Law Enforcement Tips for
Debit Card Holders
Law enforcement officials and banks in the Willmar area have been receiving a higher-than-usual number of reports of identity theft and debit card fraud since the beginning of this year. While the source of the data being used hasn't been positively identified, some patterns have been emerging. We all need to be vigilant about preventing debit card and identity theft. Following are a list of tips from Law Enforcement Officials to combat having your card information stolen.
Never let your debit or credit card leave your sight.
Many cardholders think nothing of letting wait staff in a restaurant take their card to another room for billing. Restaurants are a common location where "skimmers" will be recruited or planted by organized crime to record your card information on a small, easily-concealed electronic device carried by the skimmer. The skimmer is paid in cash or drugs, per good account, when they turn over the recording device to their "supervisor". The supervisor loads the information into a computer for later use or transmission farther up the line. The account information may be used that night or weeks later.
Local Restaurants Take Pro-Active Approach.
The restaurant industry believes as a whole that it needs to re-think how they handle plastic. This is not a restaurant specific problem and we all need to practice our discretion when communicating to our employees and the general public as not to "demonize" the local restaurants in West Central Minnesota. Times are hard enough the way it is without misinformation or misunderstandings hurting their industry more. Over many years customers have been asked to pay at the table with their servers. With the recent issues we face, many restaurants have made changes to encourage customers to pay at the host station or follow the server when closing the bill. Some have placed verbiage on their receipts that welcome them to follow them for payments. They will continue to beef up their technology and change procedures in order to control this rampant problem.
Guard your identity and account information with the same care you give your home and family.
Carry only the minimum number of cards you will need. Keep your purse or wallet close to your body and closed - never leave it unattended unless it is in a securely locked desk, cabinet, locker, etc. Several local cases involved wallets stolen from employee break rooms or work stations, as well as those stolen from shopping carts.Look closely before inserting your card into an ATM or other reader. Anything which appears loose or fastened onto the card slot could indicate tampering, or that an information skimmer has been added by someone other than the merchant or bank to record your data. Do not let others see your PIN when you key it into a terminal. Shield the pad with your free hand or body.Do not give your card information over the phone unless you have placed the call expecting to be charged for a purchase. Never "confirm" your account number when called. Never hit "reply" if you receive an e-mail asking you to update an online account. Go to your regular account web site to confirm whether an update is needed.Notify your card's issuing financial institution if you will be traveling. Many card companies have tightened their fraud-detection software, and unusual activity will key an alert. If charges are made in multiple locations during one day, for things you don't normally purchase, or in a foreign nation, the company will try to contact you. If unable to reach you, they may shut your card down for their own protection - not what you want to have happen if you are really on vacation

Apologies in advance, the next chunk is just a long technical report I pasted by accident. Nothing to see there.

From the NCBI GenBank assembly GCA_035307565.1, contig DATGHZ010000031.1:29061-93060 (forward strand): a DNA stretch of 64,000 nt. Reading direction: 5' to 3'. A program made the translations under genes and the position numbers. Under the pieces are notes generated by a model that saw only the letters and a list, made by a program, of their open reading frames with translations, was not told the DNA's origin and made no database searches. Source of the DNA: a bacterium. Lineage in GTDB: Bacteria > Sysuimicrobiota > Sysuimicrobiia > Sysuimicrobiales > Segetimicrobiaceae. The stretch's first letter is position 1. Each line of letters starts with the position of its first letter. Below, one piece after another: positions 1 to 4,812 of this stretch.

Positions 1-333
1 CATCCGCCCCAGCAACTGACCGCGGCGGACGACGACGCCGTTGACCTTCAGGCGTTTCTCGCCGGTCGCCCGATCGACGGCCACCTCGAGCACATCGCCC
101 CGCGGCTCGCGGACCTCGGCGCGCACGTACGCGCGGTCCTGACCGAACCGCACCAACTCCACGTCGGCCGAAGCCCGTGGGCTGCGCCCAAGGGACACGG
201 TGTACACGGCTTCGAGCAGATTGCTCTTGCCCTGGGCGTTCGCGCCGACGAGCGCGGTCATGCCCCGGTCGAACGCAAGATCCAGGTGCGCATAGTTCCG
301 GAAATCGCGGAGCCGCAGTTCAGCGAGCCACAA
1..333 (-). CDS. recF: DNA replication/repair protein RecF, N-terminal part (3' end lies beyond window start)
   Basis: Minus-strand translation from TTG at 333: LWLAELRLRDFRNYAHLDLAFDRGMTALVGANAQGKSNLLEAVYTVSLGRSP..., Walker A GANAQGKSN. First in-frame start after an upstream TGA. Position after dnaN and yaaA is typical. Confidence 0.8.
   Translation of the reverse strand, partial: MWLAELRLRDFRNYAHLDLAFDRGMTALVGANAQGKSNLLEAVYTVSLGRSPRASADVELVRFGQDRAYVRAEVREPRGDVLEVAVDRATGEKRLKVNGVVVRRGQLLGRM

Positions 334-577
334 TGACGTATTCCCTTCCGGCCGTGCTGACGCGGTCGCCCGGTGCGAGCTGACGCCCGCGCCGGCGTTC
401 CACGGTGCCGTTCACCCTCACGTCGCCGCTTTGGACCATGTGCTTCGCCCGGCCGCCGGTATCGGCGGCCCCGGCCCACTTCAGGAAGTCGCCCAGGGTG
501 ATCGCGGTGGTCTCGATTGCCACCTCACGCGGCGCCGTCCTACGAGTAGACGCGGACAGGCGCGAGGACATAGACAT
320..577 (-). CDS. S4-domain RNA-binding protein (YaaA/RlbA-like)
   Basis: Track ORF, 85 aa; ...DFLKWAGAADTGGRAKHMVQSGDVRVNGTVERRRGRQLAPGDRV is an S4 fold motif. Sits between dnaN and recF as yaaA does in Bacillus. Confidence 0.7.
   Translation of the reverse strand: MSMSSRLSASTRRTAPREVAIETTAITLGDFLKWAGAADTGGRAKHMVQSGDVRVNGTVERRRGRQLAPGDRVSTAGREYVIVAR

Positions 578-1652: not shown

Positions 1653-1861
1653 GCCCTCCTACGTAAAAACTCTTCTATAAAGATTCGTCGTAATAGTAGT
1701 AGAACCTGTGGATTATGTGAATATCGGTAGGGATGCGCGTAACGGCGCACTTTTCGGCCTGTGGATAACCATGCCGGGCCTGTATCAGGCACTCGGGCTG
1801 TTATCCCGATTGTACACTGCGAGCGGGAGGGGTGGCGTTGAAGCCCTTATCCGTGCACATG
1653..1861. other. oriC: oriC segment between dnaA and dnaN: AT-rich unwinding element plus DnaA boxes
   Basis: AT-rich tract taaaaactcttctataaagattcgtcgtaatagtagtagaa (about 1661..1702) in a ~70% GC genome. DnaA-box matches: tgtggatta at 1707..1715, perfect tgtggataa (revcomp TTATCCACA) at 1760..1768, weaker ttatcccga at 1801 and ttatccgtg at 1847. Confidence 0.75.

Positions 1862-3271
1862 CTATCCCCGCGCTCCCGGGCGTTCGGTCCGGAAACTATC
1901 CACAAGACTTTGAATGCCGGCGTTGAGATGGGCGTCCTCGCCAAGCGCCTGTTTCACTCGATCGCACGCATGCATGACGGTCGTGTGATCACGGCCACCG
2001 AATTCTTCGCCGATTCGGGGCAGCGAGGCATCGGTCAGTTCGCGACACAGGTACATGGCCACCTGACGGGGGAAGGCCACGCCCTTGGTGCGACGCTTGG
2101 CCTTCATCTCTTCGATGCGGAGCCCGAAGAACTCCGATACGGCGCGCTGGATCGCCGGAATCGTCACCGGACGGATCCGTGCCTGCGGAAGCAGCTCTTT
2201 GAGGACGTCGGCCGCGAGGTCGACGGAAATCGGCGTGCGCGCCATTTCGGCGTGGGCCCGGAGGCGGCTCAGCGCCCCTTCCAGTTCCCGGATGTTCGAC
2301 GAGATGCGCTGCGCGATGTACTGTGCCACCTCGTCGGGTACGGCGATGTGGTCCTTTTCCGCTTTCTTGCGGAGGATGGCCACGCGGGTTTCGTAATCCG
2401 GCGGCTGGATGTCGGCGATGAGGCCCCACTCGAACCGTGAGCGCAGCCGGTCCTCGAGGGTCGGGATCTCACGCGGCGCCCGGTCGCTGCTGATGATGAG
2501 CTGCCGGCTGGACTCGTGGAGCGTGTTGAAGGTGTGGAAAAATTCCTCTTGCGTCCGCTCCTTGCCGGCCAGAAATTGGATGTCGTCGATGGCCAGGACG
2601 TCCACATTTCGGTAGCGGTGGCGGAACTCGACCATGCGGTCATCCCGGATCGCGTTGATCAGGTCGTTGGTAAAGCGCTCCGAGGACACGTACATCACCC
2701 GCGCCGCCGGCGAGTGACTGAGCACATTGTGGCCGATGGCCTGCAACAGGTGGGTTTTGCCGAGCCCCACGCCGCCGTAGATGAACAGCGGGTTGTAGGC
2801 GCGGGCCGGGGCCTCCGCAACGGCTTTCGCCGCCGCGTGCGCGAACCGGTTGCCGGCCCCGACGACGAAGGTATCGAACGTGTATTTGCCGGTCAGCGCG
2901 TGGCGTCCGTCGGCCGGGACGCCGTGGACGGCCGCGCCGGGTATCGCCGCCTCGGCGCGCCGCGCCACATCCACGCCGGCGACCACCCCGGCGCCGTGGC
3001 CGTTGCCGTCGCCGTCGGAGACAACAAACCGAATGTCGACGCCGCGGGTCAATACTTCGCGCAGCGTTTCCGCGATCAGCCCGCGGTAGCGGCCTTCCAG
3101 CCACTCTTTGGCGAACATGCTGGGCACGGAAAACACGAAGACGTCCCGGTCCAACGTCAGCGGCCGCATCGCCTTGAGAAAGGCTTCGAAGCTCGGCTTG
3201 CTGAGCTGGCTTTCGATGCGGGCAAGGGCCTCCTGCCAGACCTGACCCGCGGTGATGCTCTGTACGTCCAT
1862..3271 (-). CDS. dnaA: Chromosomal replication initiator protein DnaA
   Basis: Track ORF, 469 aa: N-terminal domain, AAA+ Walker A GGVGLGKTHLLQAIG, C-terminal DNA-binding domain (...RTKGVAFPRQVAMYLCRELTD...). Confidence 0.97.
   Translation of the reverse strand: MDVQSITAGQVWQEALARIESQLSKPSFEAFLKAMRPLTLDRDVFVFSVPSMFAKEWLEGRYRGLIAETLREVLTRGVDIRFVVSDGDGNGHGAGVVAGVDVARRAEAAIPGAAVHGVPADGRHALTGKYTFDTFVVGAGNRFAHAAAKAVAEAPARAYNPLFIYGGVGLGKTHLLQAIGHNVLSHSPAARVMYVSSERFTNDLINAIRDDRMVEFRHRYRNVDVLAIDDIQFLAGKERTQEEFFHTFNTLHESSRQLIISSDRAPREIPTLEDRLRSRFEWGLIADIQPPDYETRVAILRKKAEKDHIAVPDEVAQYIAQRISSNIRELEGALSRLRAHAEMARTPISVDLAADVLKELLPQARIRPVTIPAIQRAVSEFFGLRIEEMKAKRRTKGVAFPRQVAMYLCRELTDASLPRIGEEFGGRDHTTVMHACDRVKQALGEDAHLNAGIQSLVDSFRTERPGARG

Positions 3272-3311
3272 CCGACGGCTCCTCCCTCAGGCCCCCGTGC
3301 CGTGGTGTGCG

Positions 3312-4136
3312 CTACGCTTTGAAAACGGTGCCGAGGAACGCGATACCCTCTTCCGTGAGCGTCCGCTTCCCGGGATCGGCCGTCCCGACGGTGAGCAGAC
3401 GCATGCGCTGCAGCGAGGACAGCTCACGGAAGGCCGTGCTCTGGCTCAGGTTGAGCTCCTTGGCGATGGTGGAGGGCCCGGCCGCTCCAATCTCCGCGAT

Check your accounts frequently.
If anything appears odd, call your financial institution as soon as possible.
If you are a victim, report as soon as possible.
Immediately notify the issuing financial institution to shut down your credit, debit or checking account. You will probably need to close the account and start a new one.If you are contacted by your card company about possible fraudulent activity, confirm first that it is a legitimate call and not a "phishing" expedition. Then obtain as much detail as possible from the company about the activity.You may contact law enforcement where you live or where a transaction was made. If reporting theft of an item (wallet or purse), you will need to report to the agency which has jurisdiction where the actual theft happened. When notifying law enforcement, you will be asked: 1) When the breach or transaction was made, or when the loss occurred.2) The account number(s) and issuing financial institution. 3) Where the transaction or theft was done. 4) The dollar amounts of any transactions. 5) A history of your general card use habits, and anything you noticed which might have been unusual when using it. 6) Any contact information for those agencies you have notified of the loss.
Identity theft can be reported to the Federal Trade Commission using their online complaint form at www.ftc.gov/idtheft or by calling 1-877-IDTHEFT (438-4338).
You may want to place a fraud alert on your credit files by contacting one of the three major credit reporting services: TransUnion, Equifax or Experian. Get a copy of your credit history to date. Get another one in several months.
If you are notified by a company that there has been a data breach and it is possible your account or identity may be compromised, follow the instructions in the letter for checking on your accounts and credit history, preventing identity theft and protecting yourself. Businesses are required to mail these notices if they have reason to believe information is missing, stolen or otherwise compromised. A police report is NOT needed in this case unless you become the victim of identity or financial theft arising out of the compromised information.